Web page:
Though on holiday, I wanted to share these images and a bit of the Juno at Jupiter news.
Because telescopes have never been able to see clearly down through the thick clouds of Jupiters– the ones that together form the planet’s glorious stripes– it has remained a mystery how deep they may be.
Based on the Juno spacecraft’s August pass, we now know via its microwave radiometer that the stripes reflect dynamics that occur deep into the planet.
Scott Bolton, leader of the Juno mission reported the team’s conclusions during a press conference at the 2016 meeting of the American Astronomical Society’s Division for Planetary Sciences.
“The structure of the zones and belts still exists deep down,” Bolton said. “So whatever is making those colors, whatever is making those stripes, is still existing pretty far down into Jupiter. That came as a surprise to many of the scientists. We didn’t know if this was [just] skin-deep.”
The new images penetrate to depths of about 200 to 250 miles below the surface cloud layer, Bolton said. While the bands seen on the cloud tops are not identical to the bands identified further down, there is a strong resemblance. “They’re evolving. They’re not staying the same,” Bolton said.
The findings have intriguing implications for exoplanet research. Bolton said that the hint at “the deep dynamics and the chemistry of Jupiter’s atmosphere. And this is the first time we’ve seen any giant planet atmosphere underneath its layers. So we’re learning about atmospheric dynamics at a very basic level.”
These early Juno findings came as it was also reported that the spacecraft had two malfunction that caused it to go into safe mode, just as it was approaching Jupiter for an October 19 flyby.
Right now, Juno makes one orbit every 53 days. Juno was scheduled to fire its engines on Oct. 19 and reduce its orbit to every 14 days. But because of a problem with the engine valves, the Juno team delayed that engine firing for now.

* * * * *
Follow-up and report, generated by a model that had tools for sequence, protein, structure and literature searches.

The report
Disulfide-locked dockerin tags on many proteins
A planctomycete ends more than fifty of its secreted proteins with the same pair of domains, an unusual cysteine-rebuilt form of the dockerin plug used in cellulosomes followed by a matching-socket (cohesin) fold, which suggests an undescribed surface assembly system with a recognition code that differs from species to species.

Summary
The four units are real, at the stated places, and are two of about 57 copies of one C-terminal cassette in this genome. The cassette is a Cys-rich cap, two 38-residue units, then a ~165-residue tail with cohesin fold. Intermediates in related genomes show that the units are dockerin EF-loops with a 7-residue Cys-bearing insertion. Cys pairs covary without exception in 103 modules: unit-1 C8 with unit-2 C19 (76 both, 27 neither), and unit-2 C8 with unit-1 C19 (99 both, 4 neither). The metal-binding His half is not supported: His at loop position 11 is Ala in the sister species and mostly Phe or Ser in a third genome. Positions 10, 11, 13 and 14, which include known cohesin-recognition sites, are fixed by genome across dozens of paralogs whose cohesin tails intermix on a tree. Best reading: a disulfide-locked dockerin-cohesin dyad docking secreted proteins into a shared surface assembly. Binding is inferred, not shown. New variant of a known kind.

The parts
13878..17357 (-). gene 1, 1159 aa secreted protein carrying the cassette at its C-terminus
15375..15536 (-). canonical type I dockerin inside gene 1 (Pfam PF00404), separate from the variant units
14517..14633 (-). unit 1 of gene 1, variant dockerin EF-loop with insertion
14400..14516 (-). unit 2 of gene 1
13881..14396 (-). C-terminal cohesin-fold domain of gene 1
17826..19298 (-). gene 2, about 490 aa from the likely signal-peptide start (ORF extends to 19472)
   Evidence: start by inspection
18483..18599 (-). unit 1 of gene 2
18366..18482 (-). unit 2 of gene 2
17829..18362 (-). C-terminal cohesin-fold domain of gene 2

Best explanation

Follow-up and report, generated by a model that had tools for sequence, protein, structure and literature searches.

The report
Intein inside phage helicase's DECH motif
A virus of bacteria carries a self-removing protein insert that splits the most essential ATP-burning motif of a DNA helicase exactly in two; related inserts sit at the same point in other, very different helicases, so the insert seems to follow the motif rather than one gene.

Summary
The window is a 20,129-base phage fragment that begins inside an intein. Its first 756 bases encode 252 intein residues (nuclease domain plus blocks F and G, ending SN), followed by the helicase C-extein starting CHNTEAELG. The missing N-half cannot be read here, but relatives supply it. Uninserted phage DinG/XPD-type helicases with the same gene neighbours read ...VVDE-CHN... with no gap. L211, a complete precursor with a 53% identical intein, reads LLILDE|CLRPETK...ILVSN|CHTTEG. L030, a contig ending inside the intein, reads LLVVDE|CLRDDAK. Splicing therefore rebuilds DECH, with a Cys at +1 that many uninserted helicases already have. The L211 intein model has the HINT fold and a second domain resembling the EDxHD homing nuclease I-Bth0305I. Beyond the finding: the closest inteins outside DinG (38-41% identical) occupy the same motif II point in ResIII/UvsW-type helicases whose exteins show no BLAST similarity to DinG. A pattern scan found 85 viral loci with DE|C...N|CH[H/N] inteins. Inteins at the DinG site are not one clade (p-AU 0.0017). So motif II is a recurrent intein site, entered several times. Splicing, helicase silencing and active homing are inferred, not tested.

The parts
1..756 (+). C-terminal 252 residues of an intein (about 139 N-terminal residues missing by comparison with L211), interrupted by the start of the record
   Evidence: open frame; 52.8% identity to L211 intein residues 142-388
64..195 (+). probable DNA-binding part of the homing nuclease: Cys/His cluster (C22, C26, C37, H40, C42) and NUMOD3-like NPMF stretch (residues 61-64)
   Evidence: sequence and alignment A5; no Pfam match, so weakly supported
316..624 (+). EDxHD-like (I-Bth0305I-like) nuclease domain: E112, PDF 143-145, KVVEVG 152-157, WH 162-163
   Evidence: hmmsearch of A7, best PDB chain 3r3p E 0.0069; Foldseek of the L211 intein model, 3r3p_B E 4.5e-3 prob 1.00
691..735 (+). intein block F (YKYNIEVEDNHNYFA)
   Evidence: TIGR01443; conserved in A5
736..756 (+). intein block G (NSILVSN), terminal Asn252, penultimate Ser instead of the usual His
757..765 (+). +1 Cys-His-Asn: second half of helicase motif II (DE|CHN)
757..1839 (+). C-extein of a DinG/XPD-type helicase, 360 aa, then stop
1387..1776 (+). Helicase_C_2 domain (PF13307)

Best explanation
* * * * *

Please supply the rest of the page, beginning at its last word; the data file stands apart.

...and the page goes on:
Then, NASA officials said, a second problem, apparently related to the “software-performance monitor,” caused the probe’s onboard computer to reboot. Officials said the problem was not related to that earlier propulsion issue.
“At the time safe mode was entered, the spacecraft was more than 13 hours from its closest approach to Jupiter,” said Rick Nybakken, Juno project manager from NASA’s Jet Propulsion Laboratory in Pasadena, Calif. “We were still quite a ways from the planet’s more intense radiation belts and magnetic fields. The spacecraft is healthy and we are working our standard recovery procedure.”
In safe mode, all unneeded subsystems were shut down and instructions were relayed by controllers. Juno did not collect any data during the flyby, which was to take place as it passed 3,000 miles above Jupiter’s clouds.
The root causes of the problem have not been made public and apparently remain unresolved. But Bolton that no long-term problems were anticipated, and that the team expected the spacecraft to be ready to turn on all science instruments at the next close flyby, on December 11.
Marc Kaufman is the author of two books about space: “Mars Up Close: Inside the Curiosity Mission” and “First Contact: Scientific Breakthroughs in the Search for Life Beyond Earth.” He is also an experienced journalist, having spent three decades at The Washington Post and The Philadelphia Inquirer. He began writing the column in October 2015, when NASA’s NExSS initiative was in its infancy. While the “Many Worlds” column is supported and informed by NASA’s Astrobiology Program, any opinions expressed are the author’s alone.